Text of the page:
Hickman's Family Farms leases a third of the 110 acres at the Ak-Chin Indian Community's Industrial Park, located in Maricopa, Arizona.

Hatching Success: Ak-Chin Indian Community's Industrial Park Home to Only Egg Producer in Arizona

Lee Allen
10/17/12

Finally, an answer to that age-old question: "Why did the chicken cross the road?"

To get to the Ak-Chin Indian Community’s Industrial Park—the site of Hickman's Family Farms with enough hens to generate 4.3 million eggs per day.

In 2002, the egg producer built a ranch at the Ak-Chin Industrial Park, leasing nearly a third of the park’s 110 acres.

Ak-Chin is an O'odham word meaning "place where the wash loses itself in the sand," referring to a type of farming that relies on washes—seasonal flood-plains created by summer rains and winter snows. By extension, agriculture is a major source of income for the tribe, one of the largest farming communities in the U.S. The tribe grows cotton, barley, potatoes, alfalfa and corn among its crops on 16,000 acres cultivated by Ak-Chin Farms Enterprise, which employs more than 80 people.

“...[S]o the egg farm was a natural match for us,” said former tribal Councilwoman Maria Hernandez, a member of the Ak-Chin Industrial Park Board.

The Industrial Park—officially known as the Santa Cruz Commerce Center—draws an annual income of about $1.5 million, and current production levels at the egg farm generate approximately $1 million a year in direct payment revenues to tribal coffers. Additional income is generated through the tribe’s sale of feed for the chickens. The tribe purchases chicken waste as fertilizer for Ak-Chin Farms to grow grain that in turn is sold to Hickman’s to feed the chickens. “It’s a circular-motion, mutually-beneficial, symbiotic relationship,” explained Phil Entz, property manager of Santa Cruz Commerce Center.

Various other tenants lease office and warehouse space on the remaining acreage of Ak-Chin Industrial Park, which is divided into two sectors: industrial and retail/commercial. Among businesses currently operating in the industrial sector are agricultural equipment distributors; the retail/commercial lot presently includes recreational facilities like Desert Star Gymnastics. Businesses requiring  general access and therefore visibility are situated along the main Maricopa Casa Grande Highway (Highway 238).

According to tribal statistics, the Ak-Chin Indian Community of less than 1,000 residents is the number one employer for the entire Pinal County region. The tribe's Harrah's Ak-Chin Casino & Resort in Maricopa, Arizona alone employs more than 800 people.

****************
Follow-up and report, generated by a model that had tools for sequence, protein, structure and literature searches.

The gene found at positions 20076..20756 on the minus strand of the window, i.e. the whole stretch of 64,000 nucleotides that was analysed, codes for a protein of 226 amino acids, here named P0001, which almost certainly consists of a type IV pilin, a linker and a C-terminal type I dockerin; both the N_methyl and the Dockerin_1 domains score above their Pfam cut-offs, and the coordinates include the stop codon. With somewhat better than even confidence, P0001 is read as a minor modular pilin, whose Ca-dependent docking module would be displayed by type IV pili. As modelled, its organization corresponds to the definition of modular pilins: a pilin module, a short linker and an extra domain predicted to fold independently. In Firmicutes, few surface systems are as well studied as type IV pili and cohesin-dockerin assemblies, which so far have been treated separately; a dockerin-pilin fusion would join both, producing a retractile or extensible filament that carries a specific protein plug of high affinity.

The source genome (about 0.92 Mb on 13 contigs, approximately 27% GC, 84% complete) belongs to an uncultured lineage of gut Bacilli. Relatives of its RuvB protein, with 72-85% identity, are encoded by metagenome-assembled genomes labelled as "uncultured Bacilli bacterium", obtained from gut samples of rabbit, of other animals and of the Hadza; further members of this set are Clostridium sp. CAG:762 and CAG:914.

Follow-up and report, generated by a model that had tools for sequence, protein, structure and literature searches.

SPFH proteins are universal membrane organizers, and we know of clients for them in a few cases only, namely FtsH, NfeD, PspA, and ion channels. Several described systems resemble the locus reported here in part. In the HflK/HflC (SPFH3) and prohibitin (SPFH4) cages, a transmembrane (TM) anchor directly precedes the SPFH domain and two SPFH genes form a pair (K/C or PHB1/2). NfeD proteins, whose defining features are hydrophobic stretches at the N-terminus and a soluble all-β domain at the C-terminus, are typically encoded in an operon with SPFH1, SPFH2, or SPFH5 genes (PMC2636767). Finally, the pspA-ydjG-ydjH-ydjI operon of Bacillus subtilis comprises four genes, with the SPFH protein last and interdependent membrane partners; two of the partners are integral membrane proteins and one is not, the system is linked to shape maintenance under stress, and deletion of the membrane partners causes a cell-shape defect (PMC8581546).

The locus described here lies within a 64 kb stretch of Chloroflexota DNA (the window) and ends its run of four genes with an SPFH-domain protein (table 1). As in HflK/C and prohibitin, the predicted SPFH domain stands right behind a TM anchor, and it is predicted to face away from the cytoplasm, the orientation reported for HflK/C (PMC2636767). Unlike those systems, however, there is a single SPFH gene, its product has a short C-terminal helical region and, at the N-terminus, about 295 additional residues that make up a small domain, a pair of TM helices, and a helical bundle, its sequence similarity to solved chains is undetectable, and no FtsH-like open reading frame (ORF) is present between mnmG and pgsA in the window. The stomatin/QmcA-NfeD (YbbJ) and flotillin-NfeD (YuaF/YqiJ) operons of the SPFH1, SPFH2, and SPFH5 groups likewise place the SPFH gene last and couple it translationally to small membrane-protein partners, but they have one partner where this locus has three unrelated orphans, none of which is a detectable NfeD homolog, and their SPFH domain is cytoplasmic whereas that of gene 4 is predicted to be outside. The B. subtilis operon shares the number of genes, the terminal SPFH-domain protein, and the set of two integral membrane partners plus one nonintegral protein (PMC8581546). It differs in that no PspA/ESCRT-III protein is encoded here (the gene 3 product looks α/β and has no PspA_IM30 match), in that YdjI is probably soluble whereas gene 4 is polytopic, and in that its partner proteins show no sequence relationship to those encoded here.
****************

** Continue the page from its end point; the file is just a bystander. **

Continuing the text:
Hickman's Egg Farm is privately-owned and does not provide employment numbers or annual revenue estimates. But, according to Hernandez, a good number of tribal members are gainfully employed at the egg farm.

Hickman’s has been a family-owned and operated business since 1944 when barnyard fowl began laying eggs in Grandma Hickman’s back porch roost in Arizona. Today Hickman's has two production facilities in Buckeye, Arizona, as well as the one on Indian land in Maricopa. Collectively, some 4 million caged laying hens, and another 400,000 allowed to roam freely, live at the three sites. The Ak-Chin facility holds approximately 230,000 chickens for egg production.

“Although the Ak-Chin Industrial Park has a diversified portfolio, they still embrace farming and take pride in their production of food—just as our family does,” said Sharman Hickman, who added that a farm mathematician once calculated that Hickman’s produces 1.01 billion eggs in a year (enough to provide one day’s breakfast for China).

“We’re working to see how far we can go with this relationship, learning about profit margins for both Hickman’s and the tribe,” said Industrial Park Board Chairman and tribal member Charles Carlyle. “It’s a challenge, because we’ve never done anything like this before, but we’re glad to have them here.”

Meanwhile, the board has plans to add new tenants to the increasingly attractive location of the park—it will soon be easier to access due to upgrades to the regional airport. The tribe purchased the former Phoenix Regional Airport in 2006, renaming it the Ak-Chin Regional Airport in November 2011.

“A million dollars worth of improvements to the facility are scheduled to be completed soon [with a grand opening slated for December 14], and we are already negotiating several offers involving potential new tenants based on the airport project,” Carlyle said.

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